A parody of Lassie Come Home, Timoleon Vieta Come Home is Rhodes’s first novel, which, however, still retains an episodic structure especially in its second part. Timoleon Vieta is a mongrel dog living with his beloved owner Cockroft, a failed gay composer who now lives in the Umbrian countryside in Italy. Cockroft has given up on love since “the boy in silver shorts,” his last great love, has left him for his once collaborator, now rival, Monty Moore. Cockroft’s loneliness is only enhanced by the many English expatriates that surround him and with whom he realizes he has nothing to share. The composer’s only sexual solace are his cruising sprees in Florence when he invites young men to stay for free at his house in exchange of weekly blowjobs. Cockroft’s and Timoleon Vieta’s peaceful lives are disrupted when one of these men accepts Cockroft’s invitation. The man passes himself off as Bosnian, but is actually a middle-class bankrupt English who has escaped to Italy from drug-dealers. He intensely dislikes the dog and is reciprocated in his hatred. The Bosnian, who is brutal and unloving, forces Cockroft to abandon the pet in Rome.
The second part of the novel interweaves the narration of Cockroft’s and the Bosnian’s past with the stories of the people the dog meets on his return home. These interludes function as fables of love, loss and grief that mirrors the main narrative. As in Rhodes’s previous short-stories, the episodes in the second part of Timoleon Vieta Come Home are tragic and, at the same time, darkly comic in tone, often because they are so eccentric and so unexpected in their developments. By the end of the book, “the boy in silver shorts” comes back to Cockroft albeit without silver shorts because he found that “they didn’t go with a hopelessly receding hairline.” Cockroft finds again the love of his life. Yet, this makes his reunion with the dog definitively impossible. The Bosnian, who has just left the house with no complaints as the result of the new arrival, meets the dog on the track to his master’s house and slits his throat. Rhodes gives a political significance to the upper middle-class English villain masquerading as Bosnian: “he’s a morally and emotionally bankrupt upper-middle-class wanker, and I’ve had dealings with more of them than I care to remember. Also, he’s an oblique political statement – those cretins have far too much say in running things.”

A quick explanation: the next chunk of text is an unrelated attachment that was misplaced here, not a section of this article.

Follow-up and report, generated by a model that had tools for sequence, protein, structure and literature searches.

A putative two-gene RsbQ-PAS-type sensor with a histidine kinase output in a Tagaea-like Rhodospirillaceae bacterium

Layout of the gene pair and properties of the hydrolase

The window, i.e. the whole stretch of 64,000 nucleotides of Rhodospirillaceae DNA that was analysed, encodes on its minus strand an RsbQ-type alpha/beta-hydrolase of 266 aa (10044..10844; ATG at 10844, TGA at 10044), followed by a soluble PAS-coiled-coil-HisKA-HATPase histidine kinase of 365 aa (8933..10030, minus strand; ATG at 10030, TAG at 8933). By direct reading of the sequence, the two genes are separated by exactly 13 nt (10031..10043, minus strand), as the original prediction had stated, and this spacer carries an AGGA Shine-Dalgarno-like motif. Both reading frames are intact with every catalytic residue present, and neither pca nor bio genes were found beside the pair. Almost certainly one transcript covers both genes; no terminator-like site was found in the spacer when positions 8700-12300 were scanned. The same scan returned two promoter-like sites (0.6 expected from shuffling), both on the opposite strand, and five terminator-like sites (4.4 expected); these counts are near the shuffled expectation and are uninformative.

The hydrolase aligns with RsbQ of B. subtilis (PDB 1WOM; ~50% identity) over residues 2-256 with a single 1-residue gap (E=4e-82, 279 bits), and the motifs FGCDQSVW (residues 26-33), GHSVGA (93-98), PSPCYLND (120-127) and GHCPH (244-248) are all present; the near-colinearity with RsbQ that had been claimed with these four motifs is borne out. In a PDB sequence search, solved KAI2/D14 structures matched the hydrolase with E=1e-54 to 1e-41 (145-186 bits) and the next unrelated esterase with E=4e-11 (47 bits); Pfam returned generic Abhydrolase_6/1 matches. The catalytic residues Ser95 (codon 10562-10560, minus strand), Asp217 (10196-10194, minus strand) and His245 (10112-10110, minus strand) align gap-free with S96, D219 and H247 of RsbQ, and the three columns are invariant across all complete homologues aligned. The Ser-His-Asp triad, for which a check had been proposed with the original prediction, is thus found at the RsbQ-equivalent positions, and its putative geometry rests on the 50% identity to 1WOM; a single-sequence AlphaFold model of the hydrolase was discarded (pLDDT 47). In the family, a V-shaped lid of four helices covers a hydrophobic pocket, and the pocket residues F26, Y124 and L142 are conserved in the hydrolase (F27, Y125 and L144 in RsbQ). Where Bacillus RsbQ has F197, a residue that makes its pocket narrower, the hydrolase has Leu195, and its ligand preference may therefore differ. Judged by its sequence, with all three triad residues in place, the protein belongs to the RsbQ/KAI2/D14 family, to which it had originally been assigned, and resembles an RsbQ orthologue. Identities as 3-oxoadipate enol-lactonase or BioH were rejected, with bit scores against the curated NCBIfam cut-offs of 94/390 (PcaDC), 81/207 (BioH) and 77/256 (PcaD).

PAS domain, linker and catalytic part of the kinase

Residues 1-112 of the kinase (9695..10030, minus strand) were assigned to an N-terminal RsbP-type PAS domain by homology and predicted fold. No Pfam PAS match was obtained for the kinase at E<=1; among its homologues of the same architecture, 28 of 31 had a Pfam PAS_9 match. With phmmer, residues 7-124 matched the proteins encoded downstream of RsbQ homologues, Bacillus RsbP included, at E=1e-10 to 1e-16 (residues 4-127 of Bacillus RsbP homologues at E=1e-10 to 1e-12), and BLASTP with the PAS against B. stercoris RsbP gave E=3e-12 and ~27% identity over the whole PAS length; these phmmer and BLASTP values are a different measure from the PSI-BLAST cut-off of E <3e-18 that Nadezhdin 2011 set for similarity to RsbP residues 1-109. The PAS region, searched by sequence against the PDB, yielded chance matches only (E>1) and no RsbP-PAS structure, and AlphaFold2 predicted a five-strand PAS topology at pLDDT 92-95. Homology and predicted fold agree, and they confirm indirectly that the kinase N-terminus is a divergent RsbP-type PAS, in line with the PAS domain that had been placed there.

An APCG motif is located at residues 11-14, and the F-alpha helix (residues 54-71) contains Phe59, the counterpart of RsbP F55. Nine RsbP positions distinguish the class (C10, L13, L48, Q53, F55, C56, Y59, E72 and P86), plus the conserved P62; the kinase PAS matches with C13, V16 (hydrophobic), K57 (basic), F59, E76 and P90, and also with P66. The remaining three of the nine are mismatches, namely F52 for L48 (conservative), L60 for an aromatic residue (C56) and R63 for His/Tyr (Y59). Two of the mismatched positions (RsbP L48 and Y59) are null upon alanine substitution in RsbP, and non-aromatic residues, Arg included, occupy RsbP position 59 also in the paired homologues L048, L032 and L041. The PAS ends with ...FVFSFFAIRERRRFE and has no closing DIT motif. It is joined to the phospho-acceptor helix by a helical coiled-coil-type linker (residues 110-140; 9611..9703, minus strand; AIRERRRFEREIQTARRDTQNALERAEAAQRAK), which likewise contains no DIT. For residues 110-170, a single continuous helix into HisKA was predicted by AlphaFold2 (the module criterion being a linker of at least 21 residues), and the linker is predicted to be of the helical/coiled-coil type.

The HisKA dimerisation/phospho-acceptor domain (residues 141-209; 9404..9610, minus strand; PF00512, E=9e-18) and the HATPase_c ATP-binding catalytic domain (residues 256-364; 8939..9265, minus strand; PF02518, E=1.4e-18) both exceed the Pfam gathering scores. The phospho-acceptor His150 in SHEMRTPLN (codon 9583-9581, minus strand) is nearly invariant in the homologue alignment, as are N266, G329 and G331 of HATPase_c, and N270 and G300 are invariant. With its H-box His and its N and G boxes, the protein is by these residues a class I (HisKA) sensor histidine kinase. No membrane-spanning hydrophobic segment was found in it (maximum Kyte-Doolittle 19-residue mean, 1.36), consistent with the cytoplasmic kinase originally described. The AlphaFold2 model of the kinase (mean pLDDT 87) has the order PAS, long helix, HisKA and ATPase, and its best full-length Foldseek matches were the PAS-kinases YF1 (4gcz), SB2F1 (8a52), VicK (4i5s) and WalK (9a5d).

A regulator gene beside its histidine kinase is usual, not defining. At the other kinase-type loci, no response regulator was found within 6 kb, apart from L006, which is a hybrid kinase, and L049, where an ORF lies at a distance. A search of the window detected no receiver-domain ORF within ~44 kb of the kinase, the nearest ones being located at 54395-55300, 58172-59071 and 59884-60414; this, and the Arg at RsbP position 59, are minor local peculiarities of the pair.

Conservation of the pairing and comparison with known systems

The Little White Car by Danuta de Rhodes made people reasonably suspicious that Rhodes was masquerading as a woman. At a time when chick-lit is being dismissed by women writers, Dan Rhodes has tried to resurrect the genre with The Little White Car, which describes the adventures of two French women, Veronique, who has just dumped her boyfriend, and Estelle, following the night Princess Diana was killed in Paris. The Little White Car has received less enthusiastic reviews than Timoleon Vieta Come Home, and some critics have dismissed it as “just a limp joke”. Yet, the novel has also been appreciated for Rhodes’s challenging irony, his ability at literary parody and his investigation of the multi-layered significance of modern icons such as Diana.
Gold won the Clare Mclean Prize for Scottish Fiction and was included in the best novels of the year by The Independent literary critics. Set in a small village on the Pembrokeshire coast, it follows the Welsh Japanese lesbian Miyuki Woodward who regularly goes on holiday in the village without her life-partner Grindl so that they realize how much they still ache for each other’s company for all the years they spent together. The title refers to Miyuki’s ability to produce gold after she inhales the spray she is using to paint a beach rock gold. This functions as a metaphor for the production of a mixed and unexpected identity and sense of belonging, a metaphor that is reinforced by the setting of the narrative in a county that is unmistakably part of Wales and yet commonly referred to as “Little England”.
Little Hands Clapping and This is Life continue to foreground Rhodes’s surreal and paradoxical narrative turns which, however, lead to clear political and social messages. The former is set in a German suicide museum and recalls the short-story form in its episodic structure made of the several life-stories of different characters. Founded to help people cure their suicidal tendencies, the institution has reverted into its opposite, becoming a refuge for disturbing anti-heroes, except for the main character, Madalena, a Portuguese student who cannot bear the loss of her sweetheart and visits the museum to commit suicide. Although the setting of This is Life, modern-day Paris,is more realistic, the novel’s plot is still composed of surreal fragments centring around an artist’s quest for subjects for a series of artworks. While the tone of This is Life can appear lighter than Rhodes’s other fiction, its underlying message is that darkness is always looming on, and even a part of, human experience.
Luca Prono, 2013